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Trust and Reciprocity in the Investment Game with Indirect Reward

Author

Listed:
  • Werner G³th

    (Max Planck Institute for Research into Economic Systems, Strategic Interaction Unit, Jena, Germany)

  • Manfred K÷nigstein

    (Humboldt University at Berlin, Institute for Economic Theory III, Berlin, Germany)

  • NadÞge Marchand

    (CIRANO - Center for Interuniversity Research and Analysis on Organizations, MontrÚal, QuÚbec, Canada)

  • Klaus Nehring

    (Dept. of Economics, University of California, Davis, One Shields Avenue, CA, USA)

Abstract

Experimental studies have shown that trust and reciprocity are effective in increasing efficiency when complete contracting is infeasible. One example is the study by Berg et al. (1995) of the investment game. In this game the person who receives the investment is the one who may reward the investor. This is a direct reward game. Similar to Dufwenberg et al. (2001) we investigate to what extent trust and reward are still observable when reward is indirect; i.e., when the investor may only be rewarded by a third person who did receive his investment. Furthermore, we investigate the influence of social comparison (information about other players' investments) Our main finding is that indirect reward significantly reduces mutual cooperation.

Suggested Citation

  • Werner G³th & Manfred K÷nigstein & NadÞge Marchand & Klaus Nehring, 2001. "Trust and Reciprocity in the Investment Game with Indirect Reward," Homo Oeconomicus, Institute of SocioEconomics, vol. 18, pages 241-262.
  • Handle: RePEc:hom:homoec:v:18:y:2001:p:241-262
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    References listed on IDEAS

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    Cited by:

    1. David Hugh-Jones & Itay Ron & Ro'i Zultan, 2017. "Humans reciprocate intentional harm by discriminating against group peers," University of East Anglia School of Economics Working Paper Series 2017-03, School of Economics, University of East Anglia, Norwich, UK..
    2. Rietz, Thomas A. & Sheremeta, Roman M. & Shields, Timothy W. & Smith, Vernon L., 2013. "Transparency, efficiency and the distribution of economic welfare in pass-through investment trust games," Journal of Economic Behavior & Organization, Elsevier, vol. 94(C), pages 257-267.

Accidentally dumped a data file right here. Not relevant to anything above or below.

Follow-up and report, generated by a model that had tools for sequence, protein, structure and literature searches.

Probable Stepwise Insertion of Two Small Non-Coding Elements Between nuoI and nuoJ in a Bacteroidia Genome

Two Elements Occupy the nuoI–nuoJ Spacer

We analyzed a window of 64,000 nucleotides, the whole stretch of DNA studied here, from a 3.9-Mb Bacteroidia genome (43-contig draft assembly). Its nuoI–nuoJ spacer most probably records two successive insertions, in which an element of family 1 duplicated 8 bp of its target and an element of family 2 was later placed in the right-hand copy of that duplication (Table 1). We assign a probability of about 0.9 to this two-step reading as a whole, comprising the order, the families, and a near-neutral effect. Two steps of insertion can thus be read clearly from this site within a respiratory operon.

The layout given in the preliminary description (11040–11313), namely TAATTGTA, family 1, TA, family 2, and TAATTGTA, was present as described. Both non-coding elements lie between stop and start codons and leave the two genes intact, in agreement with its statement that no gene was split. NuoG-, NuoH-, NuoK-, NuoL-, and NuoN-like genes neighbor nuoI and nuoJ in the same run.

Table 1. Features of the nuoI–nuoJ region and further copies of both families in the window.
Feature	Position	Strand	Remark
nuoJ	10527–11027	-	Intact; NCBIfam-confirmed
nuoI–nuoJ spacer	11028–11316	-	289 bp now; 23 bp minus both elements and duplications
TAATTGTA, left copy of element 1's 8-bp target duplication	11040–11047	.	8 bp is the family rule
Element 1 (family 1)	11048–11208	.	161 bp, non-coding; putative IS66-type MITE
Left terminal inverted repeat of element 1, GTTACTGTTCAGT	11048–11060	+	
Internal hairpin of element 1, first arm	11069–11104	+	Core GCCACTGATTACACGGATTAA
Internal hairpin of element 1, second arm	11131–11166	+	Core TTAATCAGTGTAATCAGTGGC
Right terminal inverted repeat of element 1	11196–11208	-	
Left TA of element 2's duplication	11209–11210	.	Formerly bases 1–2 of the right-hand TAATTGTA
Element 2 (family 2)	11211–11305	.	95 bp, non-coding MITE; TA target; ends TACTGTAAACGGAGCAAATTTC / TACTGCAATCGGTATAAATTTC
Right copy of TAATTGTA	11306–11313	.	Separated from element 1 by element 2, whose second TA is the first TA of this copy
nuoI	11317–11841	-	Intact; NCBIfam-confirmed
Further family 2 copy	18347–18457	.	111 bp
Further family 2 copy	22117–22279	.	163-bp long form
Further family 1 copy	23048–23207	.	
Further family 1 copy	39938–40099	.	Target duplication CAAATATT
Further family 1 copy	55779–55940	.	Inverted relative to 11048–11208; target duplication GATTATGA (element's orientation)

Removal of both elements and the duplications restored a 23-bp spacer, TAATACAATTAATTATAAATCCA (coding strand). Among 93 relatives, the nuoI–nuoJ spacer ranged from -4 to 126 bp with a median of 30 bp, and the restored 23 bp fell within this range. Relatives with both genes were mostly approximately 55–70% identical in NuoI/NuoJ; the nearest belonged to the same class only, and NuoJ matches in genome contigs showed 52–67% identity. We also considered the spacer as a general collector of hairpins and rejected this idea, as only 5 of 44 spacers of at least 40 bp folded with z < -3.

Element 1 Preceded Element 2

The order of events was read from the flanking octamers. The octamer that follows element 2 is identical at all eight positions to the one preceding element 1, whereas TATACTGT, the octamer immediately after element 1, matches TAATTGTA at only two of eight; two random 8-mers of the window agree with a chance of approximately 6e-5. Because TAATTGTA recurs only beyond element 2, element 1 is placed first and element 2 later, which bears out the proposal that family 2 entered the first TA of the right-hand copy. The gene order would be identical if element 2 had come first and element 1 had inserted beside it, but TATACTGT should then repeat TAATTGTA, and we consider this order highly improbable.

3. Becchetti, Leonardo & Castriota, Stefano & Conzo, Pierluigi, 2017. "Disaster, Aid, and Preferences: The Long-run Impact of the Tsunami on Giving in Sri Lanka," World Development, Elsevier, vol. 94(C), pages 157-173.
    4. Roman M. Sheremeta & Jingjing Zhang, 2014. "Three-Player Trust Game With Insider Communication," Economic Inquiry, Western Economic Association International, vol. 52(2), pages 576-591, April.
    5. Herne, Kaisa & Lappalainen, Olli & Kestilä-Kekkonen, Elina, 2013. "Experimental comparison of direct, general, and indirect reciprocity," Journal of Behavioral and Experimental Economics (formerly The Journal of Socio-Economics), Elsevier, vol. 45(C), pages 38-46.
    6. Tamás Kovács & Marc Willinger, 2010. "Is there a relation between trust and trustworthiness?," Working Papers 10-03, LAMETA, Universtiy of Montpellier, revised Mar 2010.
    7. Greiner, Ben & Vittoria Levati, M., 2005. "Indirect reciprocity in cyclical networks: An experimental study," Journal of Economic Psychology, Elsevier, vol. 26(5), pages 711-731, October.
    8. Friedel Bolle & Claudia Vogel, 2011. "Power comes with responsibility—or does it?," Public Choice, Springer, vol. 148(3), pages 459-470, September.
    9. Avtonomov, Y. & Elizarova, E., 2016. "Trust, Expectations and Optimism Bias: an Experimental Study," Journal of the New Economic Association, New Economic Association, vol. 29(1), pages 27-53.
    10. Liang, Pinghan & Meng, Juanjuan, 2013. "Love me, love my dog: an experimental study on social connections and indirect reciprocity," MPRA Paper 45270, University Library of Munich, Germany.
    11. Liang, Pinghan & Meng, Juanjuan, 2016. "Favor transmission and social image concern: An experimental study," Journal of Behavioral and Experimental Economics (formerly The Journal of Socio-Economics), Elsevier, vol. 63(C), pages 14-21.
    12. Song, Fei & Zhong, Chen-Bo, 2015. "You scratch his back, he scratches mine and I’ll scratch yours: Deception in simultaneous cyclic networks," Journal of Economic Behavior & Organization, Elsevier, vol. 112(C), pages 98-111.
    13. Nikolaos Georgantzís & Constantine Manasakis & Evangelos Mitrokostas & Emmanuel Petrakis, 2008. "Strategic Delegation in Experimental Duopolies with Endogenous Incentive Contracts," Working Papers 0809, University of Crete, Department of Economics.
    14. Weisel, Ori & Zultan, Ro׳i, 2016. "Social motives in intergroup conflict: Group identity and perceived target of threat," European Economic Review, Elsevier, vol. 90(C), pages 122-133.
    15. Ori Weisel & Ro'i Zultan, 2013. "Social motives in intergroup conflict," Jena Economic Research Papers 2013-033, Friedrich-Schiller-University Jena.
    16. Luca Stanca & Luigino Bruni & Marco Mantovani, 2011. "The effect of motivations on social indirect reciprocity: an experimental analysis," Applied Economics Letters, Taylor & Francis Journals, vol. 18(17), pages 1709-1711.
    17. Luca Stanca, 2011. "Social science and neuroscience: how can they inform each other?," International Review of Economics, Springer;Happiness Economics and Interpersonal Relations (HEIRS), vol. 58(3), pages 243-256, September.
    18. Lilia Zhurakhovska, 2014. "Strategic Trustworthiness via Unstrategic Third-party Reward – An Experiment," Discussion Paper Series of the Max Planck Institute for Research on Collective Goods 2014_06, Max Planck Institute for Research on Collective Goods, revised Jan 2017.

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